Jesus lived with nature and he used nature with which to teach. Jesus had his illustrations right at hand. The people could often reach out and touch them.
“Consider the lilies of the field,” Jesus said, and the people looked at a hillside just to their right. “A certain man went out to sow seed,” Jesus said, and every person in the crowd knew what he was talking about, because they had either sown seed or had seen another do it. “There was a shepherd who lost a sheep”. There wasn’t a person there or someone they knew who had not gone searching for such a poor, lost sheep. A God Flash
But the marvel with Jesus is that he took such common elements and touched them with eternity. The people who heard him teach knew all about lilies, farming, and sheep, but now they saw those things as messengers of God’s work in the world. G.K. Chesterton said it well:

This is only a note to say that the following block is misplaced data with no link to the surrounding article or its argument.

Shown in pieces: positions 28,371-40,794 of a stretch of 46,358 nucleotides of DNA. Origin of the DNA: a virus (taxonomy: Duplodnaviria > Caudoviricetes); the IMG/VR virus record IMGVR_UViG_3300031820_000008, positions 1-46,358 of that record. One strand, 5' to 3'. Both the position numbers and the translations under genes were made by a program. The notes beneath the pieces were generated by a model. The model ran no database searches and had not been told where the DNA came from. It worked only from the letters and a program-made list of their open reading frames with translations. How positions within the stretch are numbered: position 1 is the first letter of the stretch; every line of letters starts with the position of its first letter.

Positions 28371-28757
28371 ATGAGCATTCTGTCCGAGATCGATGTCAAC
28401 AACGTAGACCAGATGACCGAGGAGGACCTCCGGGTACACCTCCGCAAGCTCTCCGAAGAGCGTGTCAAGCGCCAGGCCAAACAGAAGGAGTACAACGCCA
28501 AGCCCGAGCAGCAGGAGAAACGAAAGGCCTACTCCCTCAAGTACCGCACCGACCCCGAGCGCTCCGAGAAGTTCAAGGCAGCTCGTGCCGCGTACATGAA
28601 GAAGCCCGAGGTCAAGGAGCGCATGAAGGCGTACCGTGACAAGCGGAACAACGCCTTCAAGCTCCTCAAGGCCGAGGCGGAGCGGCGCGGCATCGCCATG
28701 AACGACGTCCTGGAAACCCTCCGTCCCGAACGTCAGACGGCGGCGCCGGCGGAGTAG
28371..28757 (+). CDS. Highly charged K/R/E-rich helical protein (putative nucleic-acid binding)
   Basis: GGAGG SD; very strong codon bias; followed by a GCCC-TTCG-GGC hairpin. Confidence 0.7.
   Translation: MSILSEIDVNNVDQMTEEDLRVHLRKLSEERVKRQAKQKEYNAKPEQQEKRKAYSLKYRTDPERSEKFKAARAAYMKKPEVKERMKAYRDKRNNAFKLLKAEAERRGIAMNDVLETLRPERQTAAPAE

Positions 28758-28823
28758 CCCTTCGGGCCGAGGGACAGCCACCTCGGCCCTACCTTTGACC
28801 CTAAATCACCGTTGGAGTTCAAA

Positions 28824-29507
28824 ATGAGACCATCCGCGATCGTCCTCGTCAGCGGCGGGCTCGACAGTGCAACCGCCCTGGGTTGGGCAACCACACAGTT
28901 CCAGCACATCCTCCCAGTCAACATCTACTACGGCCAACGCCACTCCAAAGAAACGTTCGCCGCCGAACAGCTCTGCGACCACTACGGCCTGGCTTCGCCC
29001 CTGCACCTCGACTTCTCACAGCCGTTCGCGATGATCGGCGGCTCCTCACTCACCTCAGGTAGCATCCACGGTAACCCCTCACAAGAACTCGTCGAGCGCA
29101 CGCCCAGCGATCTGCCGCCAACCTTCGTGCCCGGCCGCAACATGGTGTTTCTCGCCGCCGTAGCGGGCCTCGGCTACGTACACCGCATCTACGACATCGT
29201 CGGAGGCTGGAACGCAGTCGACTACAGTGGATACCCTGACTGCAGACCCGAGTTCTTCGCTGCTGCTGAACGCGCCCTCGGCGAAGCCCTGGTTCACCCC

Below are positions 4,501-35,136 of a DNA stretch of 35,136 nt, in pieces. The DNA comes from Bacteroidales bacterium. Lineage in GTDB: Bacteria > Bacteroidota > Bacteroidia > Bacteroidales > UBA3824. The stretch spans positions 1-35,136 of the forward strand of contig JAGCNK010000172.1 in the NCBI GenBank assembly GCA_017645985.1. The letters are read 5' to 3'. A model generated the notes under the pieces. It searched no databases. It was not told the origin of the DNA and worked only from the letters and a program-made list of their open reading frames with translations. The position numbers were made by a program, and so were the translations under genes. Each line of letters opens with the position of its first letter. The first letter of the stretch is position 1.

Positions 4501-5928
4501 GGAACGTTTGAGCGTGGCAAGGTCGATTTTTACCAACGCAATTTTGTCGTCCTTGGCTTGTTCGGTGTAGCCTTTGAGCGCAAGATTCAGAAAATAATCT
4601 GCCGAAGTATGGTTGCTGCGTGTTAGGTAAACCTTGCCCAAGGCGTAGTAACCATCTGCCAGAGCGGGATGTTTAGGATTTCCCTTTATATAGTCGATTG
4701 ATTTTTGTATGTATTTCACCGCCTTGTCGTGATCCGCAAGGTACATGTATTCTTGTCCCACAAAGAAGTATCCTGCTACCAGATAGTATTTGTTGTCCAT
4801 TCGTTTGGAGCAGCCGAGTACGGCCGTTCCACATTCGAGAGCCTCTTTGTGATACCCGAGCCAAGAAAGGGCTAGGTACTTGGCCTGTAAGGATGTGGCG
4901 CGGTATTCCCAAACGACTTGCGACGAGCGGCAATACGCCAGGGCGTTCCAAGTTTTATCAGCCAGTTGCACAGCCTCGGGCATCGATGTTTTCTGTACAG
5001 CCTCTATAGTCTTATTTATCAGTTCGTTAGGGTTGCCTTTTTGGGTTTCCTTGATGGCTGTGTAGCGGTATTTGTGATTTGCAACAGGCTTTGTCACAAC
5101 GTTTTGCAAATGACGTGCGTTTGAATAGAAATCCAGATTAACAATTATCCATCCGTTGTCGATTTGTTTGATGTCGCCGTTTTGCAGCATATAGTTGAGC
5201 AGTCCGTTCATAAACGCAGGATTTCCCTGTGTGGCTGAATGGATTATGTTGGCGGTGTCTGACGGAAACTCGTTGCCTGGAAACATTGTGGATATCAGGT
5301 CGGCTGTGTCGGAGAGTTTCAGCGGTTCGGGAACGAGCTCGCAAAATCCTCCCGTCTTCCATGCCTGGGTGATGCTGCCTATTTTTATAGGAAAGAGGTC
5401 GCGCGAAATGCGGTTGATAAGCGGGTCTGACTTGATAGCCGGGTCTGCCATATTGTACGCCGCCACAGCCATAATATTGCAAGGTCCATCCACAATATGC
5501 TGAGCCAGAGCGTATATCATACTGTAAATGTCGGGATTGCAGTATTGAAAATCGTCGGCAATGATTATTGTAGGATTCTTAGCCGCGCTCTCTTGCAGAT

There was a man who dwelt in the East centuries ago.
And now I cannot look at a sheep or sparrow,
A lily or a cornfield, a raven or a sunset,
A vineyard or a mountain, without thinking of Jesus.
When Chesterton wrote those words, he wasn’t thinking of a tour in the Holy Land, but simply of what the teachings of Jesus had done to his entire outlook on life. Jesus gives a sacredness to the common elements of our life.